It has been recently implicated that the immune system plays a pivotal role during tissue repair and regeneration [23,24,25]. Being as it is an immune-mediated disease, it is important to understand the effect of inflammation on the regenerative capacity of oligodendrocytes and on remyelination in MS. A negative correlation between the presence of inflammatory infiltration and the degree of remyelination was reported in MS [6]. In addition, it was found that different inflammatory factors and cells have different effects upon myelin repair. The innate immune activity of macrophages and microglia may support or prevent remyelination [26,27,28,29,30], while the adaptive activity of T lymphocytes tends to prevent oligodendrogenesis and remyelination. The proinflammatory Th1 and Th17 subsets of T cells had toxic effects on OPCs in vitro [29] and reduced remyelination in vivo in a cuprizone model of demyelination [30]. However, the existence of a pro-regenerative subset of T cells has been suggested since the depletion of CD4+ or CD8+ T cells led to an impairment of remyelination [31]. Moreover, it was recently reported that regulatory T cells (Tregs) directly promote myelin regeneration in the CNS [32,33,34]. However, T cells are also implicated in the neurodegeneration that occurs in MS since different cytokines secreted by CD4+ and CD8+ T cells sensitize glutamate (excitotoxic) receptors and increase glutamate excitotoxicity [35,36,37].
Molecular factors originating from inflammation are known to affect the differentiation of oligodendrocytes since supernatants of activated peripheral blood mononuclear cells (PBMCs) and, especially, of CD4+ T cells, significantly inhibited oligodendroglial differentiation [38]. Interferon-γ, the hallmark cytokine of Th1 cells, inhibited OPCs differentiation [39]. We had found that the immune cells of patients with RR-MS produced increased levels of factors that inhibit oligodendrogenesis, such as bone morphogenic proteins, and reduced levels of factors, such as noggin, follistatin, DAN and coco that support oligodendrogenesis [40,41,42,43,44].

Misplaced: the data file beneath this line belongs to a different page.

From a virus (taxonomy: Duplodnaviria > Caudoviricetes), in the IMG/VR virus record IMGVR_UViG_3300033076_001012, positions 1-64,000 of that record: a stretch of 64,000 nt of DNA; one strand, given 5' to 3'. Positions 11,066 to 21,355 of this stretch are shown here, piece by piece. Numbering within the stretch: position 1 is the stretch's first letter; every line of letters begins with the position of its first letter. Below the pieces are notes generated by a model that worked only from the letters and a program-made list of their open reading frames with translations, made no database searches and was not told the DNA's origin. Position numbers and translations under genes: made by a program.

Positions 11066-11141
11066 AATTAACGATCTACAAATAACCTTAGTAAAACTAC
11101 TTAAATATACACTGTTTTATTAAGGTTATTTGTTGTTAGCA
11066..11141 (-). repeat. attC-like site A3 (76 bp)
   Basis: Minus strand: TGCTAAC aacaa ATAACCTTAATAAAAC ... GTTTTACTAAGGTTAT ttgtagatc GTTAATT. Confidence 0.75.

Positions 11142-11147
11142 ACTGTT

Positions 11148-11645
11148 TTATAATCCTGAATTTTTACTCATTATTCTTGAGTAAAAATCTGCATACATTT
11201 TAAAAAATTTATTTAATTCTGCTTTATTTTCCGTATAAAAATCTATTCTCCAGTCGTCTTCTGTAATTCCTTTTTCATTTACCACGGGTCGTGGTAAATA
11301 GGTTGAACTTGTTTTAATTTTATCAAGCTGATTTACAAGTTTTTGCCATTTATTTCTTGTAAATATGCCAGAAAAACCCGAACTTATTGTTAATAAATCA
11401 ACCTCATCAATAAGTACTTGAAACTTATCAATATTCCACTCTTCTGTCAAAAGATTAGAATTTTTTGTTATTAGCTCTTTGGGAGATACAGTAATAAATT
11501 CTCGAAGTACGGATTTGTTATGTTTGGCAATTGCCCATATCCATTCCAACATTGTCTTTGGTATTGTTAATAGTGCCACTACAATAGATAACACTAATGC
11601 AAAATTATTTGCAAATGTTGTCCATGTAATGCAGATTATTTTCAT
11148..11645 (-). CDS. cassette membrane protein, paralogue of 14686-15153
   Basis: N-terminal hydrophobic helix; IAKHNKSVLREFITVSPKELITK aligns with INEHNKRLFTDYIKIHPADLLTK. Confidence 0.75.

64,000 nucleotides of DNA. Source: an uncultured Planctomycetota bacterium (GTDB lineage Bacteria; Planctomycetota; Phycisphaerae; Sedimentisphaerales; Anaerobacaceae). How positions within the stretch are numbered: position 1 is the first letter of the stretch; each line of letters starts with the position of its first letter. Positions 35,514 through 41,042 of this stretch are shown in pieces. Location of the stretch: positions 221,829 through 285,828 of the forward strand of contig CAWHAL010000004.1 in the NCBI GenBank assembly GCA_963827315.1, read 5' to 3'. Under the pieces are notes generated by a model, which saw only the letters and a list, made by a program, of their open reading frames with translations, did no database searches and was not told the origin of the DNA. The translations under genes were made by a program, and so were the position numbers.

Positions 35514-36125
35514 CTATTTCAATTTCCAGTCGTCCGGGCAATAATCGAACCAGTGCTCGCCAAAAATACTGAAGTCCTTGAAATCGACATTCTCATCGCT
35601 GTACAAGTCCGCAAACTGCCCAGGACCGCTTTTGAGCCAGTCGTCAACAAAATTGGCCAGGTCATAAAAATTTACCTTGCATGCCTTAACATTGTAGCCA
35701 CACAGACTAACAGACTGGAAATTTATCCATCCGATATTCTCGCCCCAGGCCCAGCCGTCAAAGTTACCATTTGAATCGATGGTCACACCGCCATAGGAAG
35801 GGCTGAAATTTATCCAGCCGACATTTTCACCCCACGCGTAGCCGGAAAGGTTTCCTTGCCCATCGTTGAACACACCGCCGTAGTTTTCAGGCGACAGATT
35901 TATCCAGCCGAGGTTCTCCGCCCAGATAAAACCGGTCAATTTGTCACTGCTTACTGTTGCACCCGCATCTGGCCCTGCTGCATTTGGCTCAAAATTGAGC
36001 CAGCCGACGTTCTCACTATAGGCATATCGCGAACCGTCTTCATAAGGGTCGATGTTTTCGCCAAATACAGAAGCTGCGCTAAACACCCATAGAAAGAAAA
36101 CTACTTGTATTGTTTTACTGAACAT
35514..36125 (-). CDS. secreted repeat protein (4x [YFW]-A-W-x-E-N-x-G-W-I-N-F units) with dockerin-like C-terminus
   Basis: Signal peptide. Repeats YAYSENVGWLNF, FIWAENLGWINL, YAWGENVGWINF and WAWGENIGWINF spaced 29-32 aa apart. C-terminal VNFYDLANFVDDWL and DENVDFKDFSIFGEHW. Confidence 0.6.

Ephrins are a large family of membrane-bound tyrosine kinase signaling proteins consisting of membrane-bound ligands (ephrins) that interact with complementary receptors (Eph). Ephrin receptors are subdivided into A- and B-class receptors with some interclass non-exclusivity since the EphA4 receptor (expressed on OPCs) can also interact with ephrin B ligands [45,46]. Ephrins ligand–receptor engagement induces bidirectional signaling. Both Eph receptors and ephrin-B ligands become tyrosine phosphorylated through autophosphorylation (receptors) or recruitment of a tyrosine kinase (ligand) [47]. Eph receptors and ephrins are expressed in a variety of CNS diseases and play a role in CNS regeneration in adults by affecting the neural microenvironment [48,49]. Moreover, imbalance of Eph-ephrin function has been implicated in a wide variety of CNS injuries and diseases [50]. Experimental autoimmune encephalitis (EAE) induced in EphA4 receptor knockout mice was shown to inflict a much milder disease and lead to a decreased axonal pathology [51], and ephrin-B1 and B2 knockout were associated with defective Th1 and Th17 differentiation and amelioration of EAE [52]. Several EphA4 receptor inhibitors have been suggested as therapeutic strategies for cancer and several neurological disorders, including MS [53]. The ephrins signaling pathway was shown to have a pivotal role in inhibiting OPCs differentiation [54,55,56,57,58]. Ephrins were found to be expressed on immune cells [52,59,60]. Specifically, ephrins-A1, -A2 and -A3 were shown to be expressed on both CD4+ and CD8+ developing thymocytes, and it was suggested that this highly compartmentalized expression of ephrin-EphA molecules might affect T cell interactions with stromal cells [59]. Ephrins A1–4 and their receptors Eph A1, A3, A4, A6 and A7, as well as ephrins-B1 and-B2, were identified on immune cells in active MS lesions [52,58,61]. Ephrin-B3 was also identified in MS lesions, and antibody-mediated masking of ephrin-B3 epitopes was shown to promote OPCs differentiation [58]. It was also shown that Eph-ephrin interaction controls the migration of OPCs [62]. Since OPCs differentiation is insufficient in MS lesions, we hypothesized that ephrin expression levels on immune cells of patients with MS may be increased and that this may contribute to the inhibition of OPCs differentiation seen in MS lesions.